In this article, we look at a simple question with a seemingly obvious answer: Is staff experience important in college basketball? Or, more specifically, do teams with more experienced coaching staffs have more on court success than teams with less experienced staffs? Conventional wisdom would say that it is better to have a more experienced staff, but is there a true empirical basis for that claim?
Before I get started, I want to describe the data and explain how some of the variables are defined. Across all D1 men’s basketball teams, there is a wide range of how many individuals are on a coaching staff in any given year. Jokes about whether your current favorite team actually has a functioning Head Coach (HC) or not aside, you can usually count on there being one HC and some combination of three Associate Head Coaches (AHCs) and/or Assistant Coaches (ACs), as well as a Director of Basketball Operations. At better funded institutions there is frequently a Director of Player Development and/or Director of Player Personnel, as well as a Video Coordinator and possibly a Recruiting Coordinator. Not to mention the Graduate Assistants. And of course, the Student Managers.
While it can be difficult to determine exactly how many people are on a staff in any given year, my data shows that since the 2007-2008 season on average a D1 men’s basketball team has about 5-6 people on staff, with a range of 1 to 12(!) staff members. In order to account for the variability in staff size, we have only included HCs, AHCs, and ACs in this analysis.
Even after limiting the data to only include HCs, AHCs, and ACs we still have to trim the data a bit to make sure that all of the teams used have the same number of staff members. Typically, a staff will have four “core” members, though occasionally there will be 3-5 core staff members. Usually a smaller staff is due to a staff departure late in the off-season, but sometimes teams just have less than 4 core staff members (i’m looking at you Chicago State). To account for this, we have removed any teams that did not have exactly one HC and three AHCs or ACs. This left a sample size of 3997 teams since the 2007-2008 season.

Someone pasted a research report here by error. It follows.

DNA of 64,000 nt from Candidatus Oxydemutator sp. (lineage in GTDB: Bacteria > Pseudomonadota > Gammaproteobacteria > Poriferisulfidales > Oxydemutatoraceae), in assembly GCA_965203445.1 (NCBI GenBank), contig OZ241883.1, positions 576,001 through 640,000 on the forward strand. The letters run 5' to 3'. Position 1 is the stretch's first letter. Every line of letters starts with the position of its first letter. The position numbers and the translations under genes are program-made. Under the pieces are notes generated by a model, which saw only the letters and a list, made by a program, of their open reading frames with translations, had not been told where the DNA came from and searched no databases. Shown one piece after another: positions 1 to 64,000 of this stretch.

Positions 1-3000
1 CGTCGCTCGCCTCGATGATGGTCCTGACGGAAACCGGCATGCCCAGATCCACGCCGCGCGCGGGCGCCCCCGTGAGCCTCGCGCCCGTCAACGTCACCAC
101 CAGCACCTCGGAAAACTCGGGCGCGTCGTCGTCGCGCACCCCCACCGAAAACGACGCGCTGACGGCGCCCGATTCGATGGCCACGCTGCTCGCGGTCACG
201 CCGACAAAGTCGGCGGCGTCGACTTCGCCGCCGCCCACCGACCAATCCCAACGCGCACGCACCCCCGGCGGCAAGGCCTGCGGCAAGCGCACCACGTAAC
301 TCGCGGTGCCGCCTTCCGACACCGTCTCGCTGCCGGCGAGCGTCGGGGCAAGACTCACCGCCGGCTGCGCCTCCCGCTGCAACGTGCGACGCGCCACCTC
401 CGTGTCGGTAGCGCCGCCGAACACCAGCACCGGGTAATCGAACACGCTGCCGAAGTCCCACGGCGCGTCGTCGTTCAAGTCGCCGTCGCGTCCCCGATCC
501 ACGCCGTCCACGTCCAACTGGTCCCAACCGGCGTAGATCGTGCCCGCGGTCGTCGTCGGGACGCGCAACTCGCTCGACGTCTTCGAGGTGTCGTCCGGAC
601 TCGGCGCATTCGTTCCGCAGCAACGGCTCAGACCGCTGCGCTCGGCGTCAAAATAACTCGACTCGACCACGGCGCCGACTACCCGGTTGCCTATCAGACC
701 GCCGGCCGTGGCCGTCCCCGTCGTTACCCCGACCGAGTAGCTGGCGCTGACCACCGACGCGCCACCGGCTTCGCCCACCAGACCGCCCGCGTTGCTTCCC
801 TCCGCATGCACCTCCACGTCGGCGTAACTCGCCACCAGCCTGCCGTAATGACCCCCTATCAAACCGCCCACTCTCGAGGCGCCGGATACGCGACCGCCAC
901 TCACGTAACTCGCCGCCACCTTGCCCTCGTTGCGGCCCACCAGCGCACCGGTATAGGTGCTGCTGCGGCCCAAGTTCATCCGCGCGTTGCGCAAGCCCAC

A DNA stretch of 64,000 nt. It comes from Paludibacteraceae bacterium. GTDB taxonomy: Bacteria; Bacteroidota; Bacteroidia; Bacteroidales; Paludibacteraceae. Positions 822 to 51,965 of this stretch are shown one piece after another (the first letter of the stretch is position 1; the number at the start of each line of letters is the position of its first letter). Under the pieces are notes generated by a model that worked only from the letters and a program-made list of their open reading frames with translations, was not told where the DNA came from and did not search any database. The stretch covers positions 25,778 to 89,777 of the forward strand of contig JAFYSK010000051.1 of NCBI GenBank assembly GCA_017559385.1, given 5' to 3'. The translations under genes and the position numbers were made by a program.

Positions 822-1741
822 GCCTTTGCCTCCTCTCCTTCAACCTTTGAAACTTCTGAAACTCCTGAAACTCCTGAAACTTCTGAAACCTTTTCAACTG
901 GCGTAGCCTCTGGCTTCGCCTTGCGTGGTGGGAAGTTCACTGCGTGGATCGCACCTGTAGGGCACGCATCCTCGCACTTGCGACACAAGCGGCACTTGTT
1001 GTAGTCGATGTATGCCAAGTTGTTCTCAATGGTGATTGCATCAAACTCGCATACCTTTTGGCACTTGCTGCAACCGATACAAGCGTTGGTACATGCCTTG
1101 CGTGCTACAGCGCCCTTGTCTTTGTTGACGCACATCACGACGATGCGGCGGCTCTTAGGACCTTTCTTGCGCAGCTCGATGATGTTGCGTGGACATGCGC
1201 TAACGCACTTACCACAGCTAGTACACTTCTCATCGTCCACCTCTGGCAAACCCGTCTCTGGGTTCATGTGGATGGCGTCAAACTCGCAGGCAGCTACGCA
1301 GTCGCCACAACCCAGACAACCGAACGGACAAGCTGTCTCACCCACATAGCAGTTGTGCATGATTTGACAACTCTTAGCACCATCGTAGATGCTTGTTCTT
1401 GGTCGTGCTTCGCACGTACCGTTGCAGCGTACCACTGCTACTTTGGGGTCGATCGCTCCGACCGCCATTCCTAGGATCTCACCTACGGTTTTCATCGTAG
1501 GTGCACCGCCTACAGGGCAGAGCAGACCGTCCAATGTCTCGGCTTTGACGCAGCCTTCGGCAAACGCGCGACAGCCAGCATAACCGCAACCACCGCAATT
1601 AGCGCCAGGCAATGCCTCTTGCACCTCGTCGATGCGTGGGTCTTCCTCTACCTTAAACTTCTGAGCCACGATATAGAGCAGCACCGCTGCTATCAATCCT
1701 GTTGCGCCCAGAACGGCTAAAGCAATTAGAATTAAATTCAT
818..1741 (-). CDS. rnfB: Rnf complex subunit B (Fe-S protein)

We will describe how staff experience is determined in a moment, but first a note on how we measure success – Instead of using wins or win percentage, we use teach team’s efficiency margin (points scored per 100 possessions minus points allowed per 100 possessions) over the course of the entire season.
Instead of using a single definition for staff experience, we chose to use three gradually tightening definitions. For each of the three experience definitions, we calculate an experience value for each coach on a team’s staff for a given year. Staff experience for each definition is then calculated by taking the sum of all four staff members of a team for each season. Teams are then placed into groups of (roughly) equal range based on staff experience. Experience definitions and results are as follows:
The first experience definition, Total Experience, is how much coaching experience each coach has from the high school/AAU level and up, including experience as both a men’s and women’s coach.
Looking at the figure below, there is a clear trend for teams with more staff total experience to have a higher efficiency margin, indicating more success. The lowest staff total experience group (15-25 years), which would be a VERY inexperienced coaching staff, on average allowed more points than they scored. Teams averaged a negative efficiency margin until staff total experience ranged from 47-56 years. Efficiency margin continued increasing throughout all experience groups until the most experienced group, 119-129 years of total experience, which declined. Though it is difficult to say whether that decline holds much meaning due to its small sample size (n=24).
The second experience definition, D1 Men’s Experience (All titles), is defined as how much coaching experience each coach has at the NCAA Division 1 men’s basketball level. This does not include any HS/AAU, professional, or Olympic experience. It also does not include any experience coaching women’s teams at any level. This definition does include any experience in any roll on staff at the D1 level, such as DOBO, DOPP, GA, VC, Student Manager, etc.